A very, uh, 'interesting' route
The first hour of the journey was as easy as you might expect... we started on motorways and then took pleasant roads around pretty villages and landscapes, enjoying some shade along the way. There weren't many petrol stations to be found so we grabbed the opportunity around lunchtime, then pulled over in a leafy layby by the river for lunch.
|Surrounded by waterfalls and mating beavers|
I figured wrong.
As the engine roared in first gear up steep hairpin bends, I thought "Holy altitude sickness, SatNav, where are you taking us?". There were insanely steep and high cliffs on the side of narrow roads, a noteable thinning of the air and snow. Real snow this time - actual frozen water precipitation snow.
On two separate occasions we stalled on a steep bend... each time I calmly applied the handbreak, restarted the engine and revved like hell to pull us up. Finally I grabbed an opportunity to pull over and take in the breathtaking views of the Alps.
|How the hell did we get up here?|
Sure enough, the peak was just ahead and only a relatively gentle incline from where we were. The road began to slope downwards and Cecil gratefully rumbled his way down the same kinds of hairpins that had terrified us so much on the way up. We passed this sign on as we went:
|2,802 metres high (that's 9,193 feet to you and me)|
Barcelonette is an odd little town - it's set in a 'valley' that's still 1,000 metres above sea level, so it has absolutely stunning views all around with giant fir trees and towering rocky outcrops framing a frosty blue sky. For the last few hundred years, its main trade has been with Mexico and there are signs of it everywhere - from the Mexican flag on the town's welcome sign to the plethora of South American clothing and food available to buy. And is it pure coincidence that there is a higher density of moustachioed gentlemen here than I've previously witnessed elsewhere? Hmm.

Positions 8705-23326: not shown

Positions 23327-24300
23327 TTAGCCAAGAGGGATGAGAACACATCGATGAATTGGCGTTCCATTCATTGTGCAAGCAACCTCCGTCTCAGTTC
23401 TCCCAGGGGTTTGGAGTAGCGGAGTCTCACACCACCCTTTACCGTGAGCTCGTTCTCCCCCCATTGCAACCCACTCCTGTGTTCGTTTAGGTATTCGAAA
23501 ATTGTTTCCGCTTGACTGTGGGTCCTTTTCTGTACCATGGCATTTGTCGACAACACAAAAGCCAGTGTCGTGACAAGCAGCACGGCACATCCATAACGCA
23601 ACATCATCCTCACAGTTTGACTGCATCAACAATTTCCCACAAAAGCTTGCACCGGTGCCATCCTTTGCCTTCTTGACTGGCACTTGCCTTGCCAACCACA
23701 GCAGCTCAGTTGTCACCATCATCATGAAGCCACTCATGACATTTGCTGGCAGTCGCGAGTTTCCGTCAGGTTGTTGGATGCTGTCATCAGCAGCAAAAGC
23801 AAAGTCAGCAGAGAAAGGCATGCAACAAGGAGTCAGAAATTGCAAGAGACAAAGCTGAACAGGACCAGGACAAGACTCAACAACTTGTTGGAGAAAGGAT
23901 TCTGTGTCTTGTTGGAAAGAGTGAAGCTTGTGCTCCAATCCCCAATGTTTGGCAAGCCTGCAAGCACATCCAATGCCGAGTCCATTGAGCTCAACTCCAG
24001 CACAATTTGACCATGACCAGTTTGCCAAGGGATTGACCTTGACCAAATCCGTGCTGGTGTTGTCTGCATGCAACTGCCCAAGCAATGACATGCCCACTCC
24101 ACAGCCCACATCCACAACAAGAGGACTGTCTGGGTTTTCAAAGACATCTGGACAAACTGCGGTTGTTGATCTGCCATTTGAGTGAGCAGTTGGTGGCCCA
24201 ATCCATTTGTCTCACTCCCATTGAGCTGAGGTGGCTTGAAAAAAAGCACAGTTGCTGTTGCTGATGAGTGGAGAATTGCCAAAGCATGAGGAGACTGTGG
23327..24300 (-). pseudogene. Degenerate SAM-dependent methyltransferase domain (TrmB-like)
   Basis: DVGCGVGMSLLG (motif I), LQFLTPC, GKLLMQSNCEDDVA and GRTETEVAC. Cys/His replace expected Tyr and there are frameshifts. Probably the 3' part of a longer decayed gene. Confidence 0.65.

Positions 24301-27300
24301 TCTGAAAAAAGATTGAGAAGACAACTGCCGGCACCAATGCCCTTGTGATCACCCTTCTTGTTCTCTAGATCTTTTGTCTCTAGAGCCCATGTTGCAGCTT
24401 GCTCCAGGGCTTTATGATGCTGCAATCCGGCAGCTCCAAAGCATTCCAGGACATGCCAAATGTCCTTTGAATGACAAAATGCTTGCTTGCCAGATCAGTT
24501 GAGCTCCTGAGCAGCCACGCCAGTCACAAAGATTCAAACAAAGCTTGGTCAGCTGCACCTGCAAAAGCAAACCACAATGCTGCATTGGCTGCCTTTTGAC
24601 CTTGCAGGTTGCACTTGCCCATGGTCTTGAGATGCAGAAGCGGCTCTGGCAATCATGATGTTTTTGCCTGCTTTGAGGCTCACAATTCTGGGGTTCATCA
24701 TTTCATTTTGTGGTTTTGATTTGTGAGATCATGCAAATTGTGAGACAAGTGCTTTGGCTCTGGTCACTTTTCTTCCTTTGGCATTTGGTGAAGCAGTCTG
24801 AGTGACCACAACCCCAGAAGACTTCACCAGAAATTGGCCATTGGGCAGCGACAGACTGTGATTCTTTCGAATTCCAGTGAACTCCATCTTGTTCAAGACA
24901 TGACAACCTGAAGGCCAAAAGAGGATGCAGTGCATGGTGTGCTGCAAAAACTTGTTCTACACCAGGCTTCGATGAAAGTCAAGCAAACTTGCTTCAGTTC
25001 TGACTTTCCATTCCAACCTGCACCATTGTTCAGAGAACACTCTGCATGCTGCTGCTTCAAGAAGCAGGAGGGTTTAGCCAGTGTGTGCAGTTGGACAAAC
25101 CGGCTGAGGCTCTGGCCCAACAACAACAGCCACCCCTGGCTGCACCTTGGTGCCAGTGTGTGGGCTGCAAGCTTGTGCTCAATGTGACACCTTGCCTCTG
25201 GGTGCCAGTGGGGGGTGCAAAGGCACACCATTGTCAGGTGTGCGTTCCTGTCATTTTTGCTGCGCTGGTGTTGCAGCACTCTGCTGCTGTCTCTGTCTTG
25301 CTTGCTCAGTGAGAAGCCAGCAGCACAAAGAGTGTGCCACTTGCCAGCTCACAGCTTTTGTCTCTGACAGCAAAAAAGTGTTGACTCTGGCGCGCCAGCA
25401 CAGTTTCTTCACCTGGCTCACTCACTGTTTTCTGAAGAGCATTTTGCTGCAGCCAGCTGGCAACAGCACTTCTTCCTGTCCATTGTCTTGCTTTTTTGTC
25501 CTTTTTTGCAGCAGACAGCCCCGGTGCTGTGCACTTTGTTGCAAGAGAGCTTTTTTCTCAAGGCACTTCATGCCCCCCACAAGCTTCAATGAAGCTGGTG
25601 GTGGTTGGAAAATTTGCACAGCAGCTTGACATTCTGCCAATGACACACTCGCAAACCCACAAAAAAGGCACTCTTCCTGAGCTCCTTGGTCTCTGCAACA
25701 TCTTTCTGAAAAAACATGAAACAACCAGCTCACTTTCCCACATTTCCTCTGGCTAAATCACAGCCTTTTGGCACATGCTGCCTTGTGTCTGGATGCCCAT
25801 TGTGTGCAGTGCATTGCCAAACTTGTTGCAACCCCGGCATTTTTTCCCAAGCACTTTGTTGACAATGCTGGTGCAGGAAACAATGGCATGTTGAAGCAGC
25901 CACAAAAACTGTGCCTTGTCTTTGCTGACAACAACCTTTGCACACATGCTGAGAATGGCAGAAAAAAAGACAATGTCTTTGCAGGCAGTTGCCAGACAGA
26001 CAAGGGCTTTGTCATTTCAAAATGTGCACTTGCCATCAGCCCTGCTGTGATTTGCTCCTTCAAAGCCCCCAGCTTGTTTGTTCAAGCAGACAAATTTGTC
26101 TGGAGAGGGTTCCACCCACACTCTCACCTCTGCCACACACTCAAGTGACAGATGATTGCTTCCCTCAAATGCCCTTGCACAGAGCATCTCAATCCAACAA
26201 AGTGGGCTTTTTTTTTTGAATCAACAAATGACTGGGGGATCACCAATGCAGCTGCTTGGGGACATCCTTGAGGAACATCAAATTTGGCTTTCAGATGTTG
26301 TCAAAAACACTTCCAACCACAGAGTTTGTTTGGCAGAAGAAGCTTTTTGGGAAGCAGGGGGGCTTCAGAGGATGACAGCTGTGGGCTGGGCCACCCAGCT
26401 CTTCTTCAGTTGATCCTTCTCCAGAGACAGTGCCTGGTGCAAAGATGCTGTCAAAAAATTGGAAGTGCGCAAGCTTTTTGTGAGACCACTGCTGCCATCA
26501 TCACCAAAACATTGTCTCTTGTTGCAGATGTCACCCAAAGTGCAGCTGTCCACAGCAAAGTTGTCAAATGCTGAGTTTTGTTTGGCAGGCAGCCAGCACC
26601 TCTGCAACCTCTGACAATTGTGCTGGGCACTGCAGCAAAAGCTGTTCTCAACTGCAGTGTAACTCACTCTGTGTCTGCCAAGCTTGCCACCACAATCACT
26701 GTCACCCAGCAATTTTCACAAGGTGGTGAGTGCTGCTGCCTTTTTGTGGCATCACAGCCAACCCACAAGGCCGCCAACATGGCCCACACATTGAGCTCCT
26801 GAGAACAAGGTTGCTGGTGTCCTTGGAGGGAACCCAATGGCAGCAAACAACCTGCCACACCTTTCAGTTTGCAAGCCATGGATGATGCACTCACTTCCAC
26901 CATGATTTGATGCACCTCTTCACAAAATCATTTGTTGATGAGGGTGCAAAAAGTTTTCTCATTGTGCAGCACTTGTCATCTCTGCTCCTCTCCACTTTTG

I parked Cecil in the campsite and took a walk along the river into town. There was a live music event in the main square, so I pinched a seat in one of the cafes and had drinks and snacks brought to me while I enjoyed the entertainment. There was an intesting set by a young Stomp-style band, who played percussion pieces using things like suitcases and oil drums. They did insist on using a different set of instruments for each track which made for some slightly tedious pauses but I didn't mind - it was just more opportunity for ordering beer.
|Teenagers banging on things|
* I looked it up on Wikipedia - there are two roads in Europe that are slightly higher but they're both dead ends. So I guess it's the highest through road.